Rab11 and its effector Rab coupling protein contribute to the trafficking of beta 1 integrins during axon growth in adult dorsal root ganglion neurons and PC12 cells.

Cambridge Centre for Brain Repair, Department of Clinical Neurosciences, University of Cambridge, Cambridge, United Kingdom.
Journal of Neuroscience (Impact Factor: 6.91). 09/2010; 30(35):11654-69. DOI: 10.1523/JNEUROSCI.2425-10.2010
Source: PubMed

ABSTRACT Integrins play an important part in axon growth, but integrin traffic in neurons is poorly understood. Expression of the tenascin-C-binding integrin alpha9 promotes axon regeneration. We have therefore studied the mechanism by which alpha9 integrin and its partner beta1 are trafficked along axons and at the growth cone using adult DRG neurons and PC12 cells. We have focused on the small GTPase Rab11 and its effector Rab coupling protein (RCP), as they are involved in the long-range trafficking of beta1 integrins in other cells. Rab11 colocalizes with alpha9 and other alpha integrins and with beta1 integrin in growth cones and axons, and immunopurified Rab11 vesicles contain alpha9 and beta1. Endocytosed beta1 integrins traffic via Rab11. However, Rab11 vesicles in axons are generally static, and alpha9 integrins undergo bouts of movement during which they leave the Rab11 compartment. In growth cones, alpha9 and beta1 overlap with RCP, particularly at the growth cone periphery. We show that beta1 integrin trafficking during neurite outgrowth involves Rab11 and RCP, and that manipulation of these molecules alters surface integrin levels and axon growth, and can be used to enhance alpha9 integrin-dependent neurite outgrowth. Our data suggest that manipulation of trafficking via Rab11 and RCP could be a useful strategy for promoting integrin-dependent axonal regeneration.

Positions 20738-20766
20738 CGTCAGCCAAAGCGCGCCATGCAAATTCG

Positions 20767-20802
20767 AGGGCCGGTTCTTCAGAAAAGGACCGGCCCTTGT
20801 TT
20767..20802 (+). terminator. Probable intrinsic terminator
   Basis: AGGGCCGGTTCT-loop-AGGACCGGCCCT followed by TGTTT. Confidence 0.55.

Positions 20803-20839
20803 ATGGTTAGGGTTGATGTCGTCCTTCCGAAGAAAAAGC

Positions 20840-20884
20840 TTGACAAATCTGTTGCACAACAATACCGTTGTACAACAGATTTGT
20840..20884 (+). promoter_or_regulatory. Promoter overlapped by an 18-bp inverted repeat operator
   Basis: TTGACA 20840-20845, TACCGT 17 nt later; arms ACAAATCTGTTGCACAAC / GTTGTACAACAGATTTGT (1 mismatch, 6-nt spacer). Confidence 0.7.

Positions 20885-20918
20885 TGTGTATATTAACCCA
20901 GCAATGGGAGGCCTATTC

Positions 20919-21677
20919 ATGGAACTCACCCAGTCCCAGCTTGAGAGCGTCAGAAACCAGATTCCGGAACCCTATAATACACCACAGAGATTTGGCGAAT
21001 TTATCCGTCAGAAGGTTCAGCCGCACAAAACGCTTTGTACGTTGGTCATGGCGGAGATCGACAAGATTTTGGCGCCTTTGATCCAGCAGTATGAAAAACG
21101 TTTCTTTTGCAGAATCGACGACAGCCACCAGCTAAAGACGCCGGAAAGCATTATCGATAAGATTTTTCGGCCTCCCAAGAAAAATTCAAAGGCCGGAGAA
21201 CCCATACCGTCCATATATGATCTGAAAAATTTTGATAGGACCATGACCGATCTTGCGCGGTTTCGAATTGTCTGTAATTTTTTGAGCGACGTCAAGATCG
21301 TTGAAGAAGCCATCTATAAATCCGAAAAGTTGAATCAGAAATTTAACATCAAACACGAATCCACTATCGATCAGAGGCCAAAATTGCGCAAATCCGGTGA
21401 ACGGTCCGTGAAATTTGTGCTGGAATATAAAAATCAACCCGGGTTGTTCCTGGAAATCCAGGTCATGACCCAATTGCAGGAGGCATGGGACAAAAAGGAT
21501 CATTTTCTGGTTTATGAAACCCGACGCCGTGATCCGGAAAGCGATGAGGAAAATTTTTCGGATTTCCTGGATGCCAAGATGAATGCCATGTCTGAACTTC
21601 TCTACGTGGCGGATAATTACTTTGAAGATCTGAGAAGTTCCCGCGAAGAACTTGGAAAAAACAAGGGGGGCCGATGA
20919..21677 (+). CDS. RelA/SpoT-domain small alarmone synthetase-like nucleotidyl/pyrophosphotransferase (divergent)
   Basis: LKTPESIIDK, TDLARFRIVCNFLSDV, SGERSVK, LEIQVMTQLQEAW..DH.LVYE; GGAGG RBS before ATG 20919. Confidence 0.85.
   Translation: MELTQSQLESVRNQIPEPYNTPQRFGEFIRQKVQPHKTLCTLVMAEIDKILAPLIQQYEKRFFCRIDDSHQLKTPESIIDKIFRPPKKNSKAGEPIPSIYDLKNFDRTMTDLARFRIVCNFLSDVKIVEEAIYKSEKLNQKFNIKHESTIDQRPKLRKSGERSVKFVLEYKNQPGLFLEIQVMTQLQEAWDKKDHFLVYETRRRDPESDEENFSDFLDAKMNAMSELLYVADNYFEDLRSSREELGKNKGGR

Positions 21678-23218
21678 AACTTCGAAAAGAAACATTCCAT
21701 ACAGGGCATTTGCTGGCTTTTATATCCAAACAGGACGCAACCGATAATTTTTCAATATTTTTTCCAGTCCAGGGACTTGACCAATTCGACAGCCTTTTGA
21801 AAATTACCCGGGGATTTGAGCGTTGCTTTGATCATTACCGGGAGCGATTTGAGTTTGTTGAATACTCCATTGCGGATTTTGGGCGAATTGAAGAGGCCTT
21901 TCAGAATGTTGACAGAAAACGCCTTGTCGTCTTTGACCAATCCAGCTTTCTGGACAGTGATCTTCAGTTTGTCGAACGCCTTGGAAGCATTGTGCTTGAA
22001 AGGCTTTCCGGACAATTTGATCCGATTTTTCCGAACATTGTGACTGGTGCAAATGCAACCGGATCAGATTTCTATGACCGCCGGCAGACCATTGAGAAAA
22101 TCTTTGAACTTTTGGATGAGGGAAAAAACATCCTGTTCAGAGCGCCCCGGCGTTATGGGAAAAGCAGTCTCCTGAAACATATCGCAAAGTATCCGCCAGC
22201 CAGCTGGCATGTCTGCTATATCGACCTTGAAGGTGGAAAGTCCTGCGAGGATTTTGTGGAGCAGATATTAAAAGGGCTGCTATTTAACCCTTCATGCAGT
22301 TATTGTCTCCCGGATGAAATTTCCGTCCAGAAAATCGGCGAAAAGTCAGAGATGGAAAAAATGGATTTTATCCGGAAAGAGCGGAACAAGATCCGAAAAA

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May 26, 2014